Make sure to have a GPS device on hand or an alternative means of communication in case of an emergency. Take Plenty of Water: The desert climate can be harsh, and the high temperatures can rapidly lead to dehydration.

It’s important to carry enough water to stay adequately hydrated throughout the day. In conclusion, McDermitt offers rockhounding enthusiasts one of the best opportunities to find petrified wood fossils.

With its vastness and diverse terrain, it’s essential to be prepared with the right tools and resources to maximize your hunting experience. Whether you’re a seasoned rockhounder or a beginner, McDermitt’s rockhounding experience is guaranteed to be rewarding.

5) Hubbard Basin

Nestled in the hills of

Elko County, Hubbard Basin is a prime location for rockhounding enthusiasts in Nevada. The landscape is dotted with these ancient treasures that have been buried beneath the earth for millions of years.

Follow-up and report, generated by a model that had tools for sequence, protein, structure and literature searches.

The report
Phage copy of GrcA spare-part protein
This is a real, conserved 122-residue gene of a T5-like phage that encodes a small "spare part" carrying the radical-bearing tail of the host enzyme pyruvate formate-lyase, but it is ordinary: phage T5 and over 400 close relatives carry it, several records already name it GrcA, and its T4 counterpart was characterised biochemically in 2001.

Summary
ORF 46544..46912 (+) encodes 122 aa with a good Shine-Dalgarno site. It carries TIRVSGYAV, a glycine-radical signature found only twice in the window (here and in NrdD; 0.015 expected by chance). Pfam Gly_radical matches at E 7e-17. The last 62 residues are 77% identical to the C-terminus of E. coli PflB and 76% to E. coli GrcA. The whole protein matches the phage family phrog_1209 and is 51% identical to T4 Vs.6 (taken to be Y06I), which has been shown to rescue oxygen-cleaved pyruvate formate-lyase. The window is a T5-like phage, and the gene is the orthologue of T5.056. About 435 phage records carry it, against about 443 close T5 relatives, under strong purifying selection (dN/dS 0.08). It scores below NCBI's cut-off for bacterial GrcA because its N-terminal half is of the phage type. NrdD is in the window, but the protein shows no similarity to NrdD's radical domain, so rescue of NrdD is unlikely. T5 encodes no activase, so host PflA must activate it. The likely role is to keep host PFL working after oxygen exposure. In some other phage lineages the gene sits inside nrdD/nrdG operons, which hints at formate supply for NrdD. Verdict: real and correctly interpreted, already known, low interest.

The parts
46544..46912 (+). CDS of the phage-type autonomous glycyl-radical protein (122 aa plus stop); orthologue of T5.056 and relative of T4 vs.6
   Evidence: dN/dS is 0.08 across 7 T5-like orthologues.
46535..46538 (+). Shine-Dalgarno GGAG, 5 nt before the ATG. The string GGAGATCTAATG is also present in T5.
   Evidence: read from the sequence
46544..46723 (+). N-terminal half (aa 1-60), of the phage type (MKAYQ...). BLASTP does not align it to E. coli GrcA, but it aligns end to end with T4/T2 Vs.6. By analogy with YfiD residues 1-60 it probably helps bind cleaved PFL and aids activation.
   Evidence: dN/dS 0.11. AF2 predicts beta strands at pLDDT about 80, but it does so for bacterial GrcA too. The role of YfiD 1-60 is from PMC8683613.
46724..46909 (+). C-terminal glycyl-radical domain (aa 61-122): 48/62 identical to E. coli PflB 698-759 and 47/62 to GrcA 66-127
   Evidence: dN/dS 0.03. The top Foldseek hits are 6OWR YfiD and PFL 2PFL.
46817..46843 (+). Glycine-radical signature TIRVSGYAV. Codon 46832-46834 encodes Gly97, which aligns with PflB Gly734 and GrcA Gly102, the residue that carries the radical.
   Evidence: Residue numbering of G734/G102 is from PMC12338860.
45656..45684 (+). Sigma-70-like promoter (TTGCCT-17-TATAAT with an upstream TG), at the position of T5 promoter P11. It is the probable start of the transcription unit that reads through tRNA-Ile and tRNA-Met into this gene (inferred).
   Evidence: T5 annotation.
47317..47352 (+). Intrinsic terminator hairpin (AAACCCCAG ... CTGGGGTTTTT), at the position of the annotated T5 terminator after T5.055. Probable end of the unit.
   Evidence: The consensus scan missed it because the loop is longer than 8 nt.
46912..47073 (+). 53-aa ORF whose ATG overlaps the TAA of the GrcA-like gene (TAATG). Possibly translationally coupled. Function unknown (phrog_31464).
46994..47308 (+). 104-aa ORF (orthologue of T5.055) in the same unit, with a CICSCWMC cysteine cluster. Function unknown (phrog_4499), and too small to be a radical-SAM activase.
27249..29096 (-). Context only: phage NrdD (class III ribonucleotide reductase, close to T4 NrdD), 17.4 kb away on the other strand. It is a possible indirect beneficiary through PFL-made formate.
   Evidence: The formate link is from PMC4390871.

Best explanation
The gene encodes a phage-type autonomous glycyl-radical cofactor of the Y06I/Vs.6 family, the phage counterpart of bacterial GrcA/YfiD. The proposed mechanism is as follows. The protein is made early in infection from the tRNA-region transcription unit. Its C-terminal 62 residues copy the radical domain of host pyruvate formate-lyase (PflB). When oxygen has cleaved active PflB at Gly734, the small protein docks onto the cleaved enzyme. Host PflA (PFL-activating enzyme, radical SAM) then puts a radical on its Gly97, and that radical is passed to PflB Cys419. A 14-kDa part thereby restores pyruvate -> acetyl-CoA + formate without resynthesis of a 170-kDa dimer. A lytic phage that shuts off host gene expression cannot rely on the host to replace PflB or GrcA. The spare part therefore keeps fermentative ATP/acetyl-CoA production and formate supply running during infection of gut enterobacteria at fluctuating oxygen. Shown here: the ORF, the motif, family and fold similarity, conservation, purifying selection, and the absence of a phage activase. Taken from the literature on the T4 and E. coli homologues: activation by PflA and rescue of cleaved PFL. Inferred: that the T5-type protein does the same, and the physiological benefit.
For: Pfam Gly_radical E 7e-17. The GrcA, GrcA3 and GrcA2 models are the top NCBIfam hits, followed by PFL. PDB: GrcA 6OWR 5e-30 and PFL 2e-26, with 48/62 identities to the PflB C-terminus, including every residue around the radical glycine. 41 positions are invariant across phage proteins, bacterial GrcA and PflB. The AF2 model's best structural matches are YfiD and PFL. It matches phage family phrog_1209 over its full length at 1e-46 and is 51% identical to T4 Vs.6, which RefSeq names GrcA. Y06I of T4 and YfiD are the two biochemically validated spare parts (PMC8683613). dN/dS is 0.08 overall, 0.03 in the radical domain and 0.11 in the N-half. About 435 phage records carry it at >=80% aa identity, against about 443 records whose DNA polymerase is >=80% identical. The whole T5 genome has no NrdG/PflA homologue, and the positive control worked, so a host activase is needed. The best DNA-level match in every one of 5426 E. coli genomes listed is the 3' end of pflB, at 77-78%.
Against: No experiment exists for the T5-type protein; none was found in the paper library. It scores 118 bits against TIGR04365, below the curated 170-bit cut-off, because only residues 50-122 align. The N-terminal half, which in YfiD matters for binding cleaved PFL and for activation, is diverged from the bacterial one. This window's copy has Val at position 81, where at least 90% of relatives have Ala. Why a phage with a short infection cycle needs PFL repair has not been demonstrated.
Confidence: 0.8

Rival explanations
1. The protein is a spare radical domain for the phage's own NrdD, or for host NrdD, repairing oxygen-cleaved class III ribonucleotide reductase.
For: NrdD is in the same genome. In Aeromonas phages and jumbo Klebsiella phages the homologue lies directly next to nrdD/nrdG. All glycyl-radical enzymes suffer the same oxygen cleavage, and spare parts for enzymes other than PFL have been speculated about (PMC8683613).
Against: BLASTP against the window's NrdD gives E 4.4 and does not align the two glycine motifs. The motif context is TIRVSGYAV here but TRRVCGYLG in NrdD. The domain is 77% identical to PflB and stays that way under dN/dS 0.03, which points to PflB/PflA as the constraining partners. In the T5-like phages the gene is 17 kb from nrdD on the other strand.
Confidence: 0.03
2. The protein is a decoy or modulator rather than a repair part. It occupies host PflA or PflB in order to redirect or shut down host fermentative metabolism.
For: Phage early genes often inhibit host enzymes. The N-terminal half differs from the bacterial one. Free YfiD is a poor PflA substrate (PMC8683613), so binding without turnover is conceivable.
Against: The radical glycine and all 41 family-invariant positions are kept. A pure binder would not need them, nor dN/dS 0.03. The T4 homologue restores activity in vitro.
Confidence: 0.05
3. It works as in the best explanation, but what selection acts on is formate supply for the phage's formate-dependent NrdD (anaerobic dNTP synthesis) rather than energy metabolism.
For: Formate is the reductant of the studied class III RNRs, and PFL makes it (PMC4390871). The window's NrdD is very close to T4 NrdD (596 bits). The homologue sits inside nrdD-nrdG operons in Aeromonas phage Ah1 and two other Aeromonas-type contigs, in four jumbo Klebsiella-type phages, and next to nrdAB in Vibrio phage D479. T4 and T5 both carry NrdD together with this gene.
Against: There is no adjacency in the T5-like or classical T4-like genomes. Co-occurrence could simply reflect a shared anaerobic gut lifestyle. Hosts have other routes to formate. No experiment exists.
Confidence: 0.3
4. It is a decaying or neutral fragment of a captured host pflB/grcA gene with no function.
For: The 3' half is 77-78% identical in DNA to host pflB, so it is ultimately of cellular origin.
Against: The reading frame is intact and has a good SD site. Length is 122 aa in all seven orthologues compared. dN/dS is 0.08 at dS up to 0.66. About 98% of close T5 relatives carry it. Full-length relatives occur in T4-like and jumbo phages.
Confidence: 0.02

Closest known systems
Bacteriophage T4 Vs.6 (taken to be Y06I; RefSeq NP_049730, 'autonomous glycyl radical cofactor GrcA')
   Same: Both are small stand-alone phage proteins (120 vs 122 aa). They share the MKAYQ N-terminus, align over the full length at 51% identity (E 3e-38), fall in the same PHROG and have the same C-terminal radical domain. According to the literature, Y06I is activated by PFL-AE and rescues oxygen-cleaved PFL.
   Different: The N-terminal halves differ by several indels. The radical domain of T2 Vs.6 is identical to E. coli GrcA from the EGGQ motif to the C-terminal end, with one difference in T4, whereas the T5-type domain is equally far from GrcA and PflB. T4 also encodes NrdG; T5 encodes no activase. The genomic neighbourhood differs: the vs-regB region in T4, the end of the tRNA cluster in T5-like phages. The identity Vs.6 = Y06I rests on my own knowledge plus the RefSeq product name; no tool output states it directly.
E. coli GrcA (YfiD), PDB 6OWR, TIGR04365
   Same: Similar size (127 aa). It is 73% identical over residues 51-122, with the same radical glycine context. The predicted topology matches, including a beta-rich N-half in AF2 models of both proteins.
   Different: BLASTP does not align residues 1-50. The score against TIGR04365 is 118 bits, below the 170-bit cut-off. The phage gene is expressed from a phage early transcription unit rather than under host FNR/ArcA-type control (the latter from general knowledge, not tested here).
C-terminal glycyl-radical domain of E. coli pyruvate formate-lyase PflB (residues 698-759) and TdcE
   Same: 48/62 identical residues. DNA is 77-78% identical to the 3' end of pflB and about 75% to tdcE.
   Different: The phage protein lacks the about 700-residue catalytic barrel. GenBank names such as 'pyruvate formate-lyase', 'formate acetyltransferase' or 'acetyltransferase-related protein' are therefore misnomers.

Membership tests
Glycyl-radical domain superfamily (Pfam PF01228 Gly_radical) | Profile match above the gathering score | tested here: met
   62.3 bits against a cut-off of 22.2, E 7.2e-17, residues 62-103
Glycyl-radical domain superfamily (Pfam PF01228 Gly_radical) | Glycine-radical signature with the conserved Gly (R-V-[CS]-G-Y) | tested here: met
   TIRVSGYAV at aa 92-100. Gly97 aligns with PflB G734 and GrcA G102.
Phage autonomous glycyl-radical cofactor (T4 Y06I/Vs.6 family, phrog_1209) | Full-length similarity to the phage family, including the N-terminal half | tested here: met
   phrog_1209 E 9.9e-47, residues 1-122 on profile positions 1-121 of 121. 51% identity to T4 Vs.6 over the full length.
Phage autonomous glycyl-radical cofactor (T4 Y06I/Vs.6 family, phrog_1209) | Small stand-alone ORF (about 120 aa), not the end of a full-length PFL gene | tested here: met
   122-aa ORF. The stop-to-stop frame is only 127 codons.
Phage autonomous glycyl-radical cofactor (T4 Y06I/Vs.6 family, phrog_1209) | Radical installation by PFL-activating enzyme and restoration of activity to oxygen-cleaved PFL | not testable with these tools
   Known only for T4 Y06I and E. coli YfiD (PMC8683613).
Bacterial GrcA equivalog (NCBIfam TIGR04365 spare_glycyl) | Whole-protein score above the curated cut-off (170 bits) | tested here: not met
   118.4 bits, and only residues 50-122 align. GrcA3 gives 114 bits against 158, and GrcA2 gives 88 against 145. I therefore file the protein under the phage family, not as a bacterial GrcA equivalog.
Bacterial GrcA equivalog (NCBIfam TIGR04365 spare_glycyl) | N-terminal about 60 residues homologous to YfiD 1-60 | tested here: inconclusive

In this section, we will discuss the access and location of Hubbard Basin, as well as the specific characteristics of petrified wood fossils found at this site.

Access and Location of Hubbard Basin

To access Hubbard Basin, it’s necessary to take several dirt roads east of Wells, Nevada. The roads are well-maintained but can prove difficult to navigate without proper equipment and knowledge of the area.

Hubbard Basin is located roughly thirty-two miles away from Wells, making it a remote destination. Despite the difficulty of getting there, Hubbard Basin is well worth the trip for rockhounding enthusiasts wishing to explore its petrified wood fossil deposits.

Characteristics of Petrified Wood Fossils Found at Hubbard Basin

Petrified wood fossils found at Hubbard Basin are mostly spruce and feature interesting agatized patterns. The agatized pieces at the site are incredibly colorful and pleasing to the eye.

Some of the pieces are almost entirely transformed into agate, while others feature an agatization process that only fills in the gaps between the fibers. The petrified logs found at Hubbard Basin are from ancient forests that existed millions of years ago, which can contribute to the unique fossil types in the area.

6) Texas Spring Canyon